The innate cellular and molecular components required to mediate effective vaccination against weak tumor-associated antigens remain unclear. In this study, we used polymeric cancer vaccines incorporating different classes of adjuvants to induce tumor protection, to identify dendritic cell (DC) subsets and cytokines critical to this efficacy. Three-dimensional, porous polymer matrices loaded with tumor lysates and presenting distinct combinations of granulocyte macrophage colony-stimulating factor (GM-CSF) and various Toll-like receptor (TLR) agonists affected 70% to 90% prophylactic tumor protection in B16-F10 melanoma models. In aggressive, therapeutic B16 models, the vaccine systems incorporating GM-CSF in combination with P(I:C) or CpG-ODN induced the complete regression of solid tumors (≤40 mm(2)), resulting in 33% long-term survival. Regression analysis revealed that the numbers of vaccine-resident CD8(+) DCs, plasmacytoid DCs (pDC), along with local interleukin (IL)-12, and granulocyte colony-stimulating factor (G-CSF) concentrations correlated strongly to vaccine efficacy regardless of adjuvant type. Furthermore, vaccine studies in Batf3(-/-) mice revealed that CD8(+) DCs are required to affect tumor protection, as vaccines in these mice were deficient in cytotoxic T lymphocytes priming and IL-12 induction in comparison with wild-type. These studies broadly demonstrate that three-dimensional polymeric vaccines provide a potent platform for prophylactic and therapeutic protection, and can be used as a tool to identify critical components of a desired immune response. Specifically, these results suggest that CD8(+) DCs, pDCs, IL-12, and G-CSF play important roles in priming effective antitumor responses with these vaccines.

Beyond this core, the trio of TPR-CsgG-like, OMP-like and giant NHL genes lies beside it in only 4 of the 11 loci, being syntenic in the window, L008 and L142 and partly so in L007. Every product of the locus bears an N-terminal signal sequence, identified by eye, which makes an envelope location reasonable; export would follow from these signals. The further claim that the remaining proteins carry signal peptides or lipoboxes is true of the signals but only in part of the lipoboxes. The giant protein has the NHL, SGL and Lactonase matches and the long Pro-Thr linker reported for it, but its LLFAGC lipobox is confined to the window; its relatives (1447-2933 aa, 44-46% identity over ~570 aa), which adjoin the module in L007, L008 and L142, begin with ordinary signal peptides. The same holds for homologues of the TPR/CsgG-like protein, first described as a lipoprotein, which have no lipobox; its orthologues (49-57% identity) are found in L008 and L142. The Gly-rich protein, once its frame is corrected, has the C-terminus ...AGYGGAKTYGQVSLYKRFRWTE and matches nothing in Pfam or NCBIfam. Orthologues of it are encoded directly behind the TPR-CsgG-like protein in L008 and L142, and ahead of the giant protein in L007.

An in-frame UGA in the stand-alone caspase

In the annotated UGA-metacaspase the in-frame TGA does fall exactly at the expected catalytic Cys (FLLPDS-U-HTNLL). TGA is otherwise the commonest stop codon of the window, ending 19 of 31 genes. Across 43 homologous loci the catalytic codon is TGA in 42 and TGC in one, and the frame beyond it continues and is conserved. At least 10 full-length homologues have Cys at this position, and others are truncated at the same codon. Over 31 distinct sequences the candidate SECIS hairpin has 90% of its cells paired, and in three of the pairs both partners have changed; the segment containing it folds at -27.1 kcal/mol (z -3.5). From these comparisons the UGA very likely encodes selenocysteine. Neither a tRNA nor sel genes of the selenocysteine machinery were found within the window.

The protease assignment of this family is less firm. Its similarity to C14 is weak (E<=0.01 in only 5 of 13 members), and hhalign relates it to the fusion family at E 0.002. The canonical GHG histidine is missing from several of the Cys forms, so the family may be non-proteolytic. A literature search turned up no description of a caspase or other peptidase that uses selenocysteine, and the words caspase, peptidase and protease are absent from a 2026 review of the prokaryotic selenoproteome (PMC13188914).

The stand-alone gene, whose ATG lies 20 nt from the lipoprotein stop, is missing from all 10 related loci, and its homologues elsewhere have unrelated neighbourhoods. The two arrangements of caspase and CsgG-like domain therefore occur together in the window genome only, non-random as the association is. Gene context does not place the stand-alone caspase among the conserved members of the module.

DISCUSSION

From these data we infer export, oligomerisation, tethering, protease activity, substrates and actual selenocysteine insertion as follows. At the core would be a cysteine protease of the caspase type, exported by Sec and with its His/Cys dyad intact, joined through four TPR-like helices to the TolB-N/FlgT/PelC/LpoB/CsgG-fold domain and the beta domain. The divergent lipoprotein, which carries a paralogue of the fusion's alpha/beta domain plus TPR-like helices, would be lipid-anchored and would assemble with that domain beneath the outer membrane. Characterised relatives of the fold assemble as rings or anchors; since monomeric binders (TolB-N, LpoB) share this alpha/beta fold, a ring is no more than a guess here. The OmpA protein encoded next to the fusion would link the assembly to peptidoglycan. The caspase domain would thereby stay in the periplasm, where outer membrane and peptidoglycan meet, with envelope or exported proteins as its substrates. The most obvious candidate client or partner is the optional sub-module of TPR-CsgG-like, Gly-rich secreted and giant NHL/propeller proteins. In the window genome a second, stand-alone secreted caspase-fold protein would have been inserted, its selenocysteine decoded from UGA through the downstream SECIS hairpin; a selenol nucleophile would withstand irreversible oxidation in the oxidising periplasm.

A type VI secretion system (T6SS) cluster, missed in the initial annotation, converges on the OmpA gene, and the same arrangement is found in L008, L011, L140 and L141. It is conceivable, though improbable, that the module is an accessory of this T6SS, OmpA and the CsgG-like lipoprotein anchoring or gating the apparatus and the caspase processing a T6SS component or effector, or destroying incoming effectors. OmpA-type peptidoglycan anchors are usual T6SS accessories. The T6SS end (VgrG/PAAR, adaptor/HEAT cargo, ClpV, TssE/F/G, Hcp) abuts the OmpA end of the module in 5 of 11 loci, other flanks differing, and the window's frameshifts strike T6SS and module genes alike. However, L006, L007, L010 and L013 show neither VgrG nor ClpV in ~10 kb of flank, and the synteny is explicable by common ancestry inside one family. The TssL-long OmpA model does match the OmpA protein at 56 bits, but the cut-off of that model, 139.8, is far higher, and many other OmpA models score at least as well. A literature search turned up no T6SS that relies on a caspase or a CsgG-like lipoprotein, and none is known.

Last updated on 09/29/2017
The publications shown here are the articles indexed by PubMed, not the complete list of the lab's publications.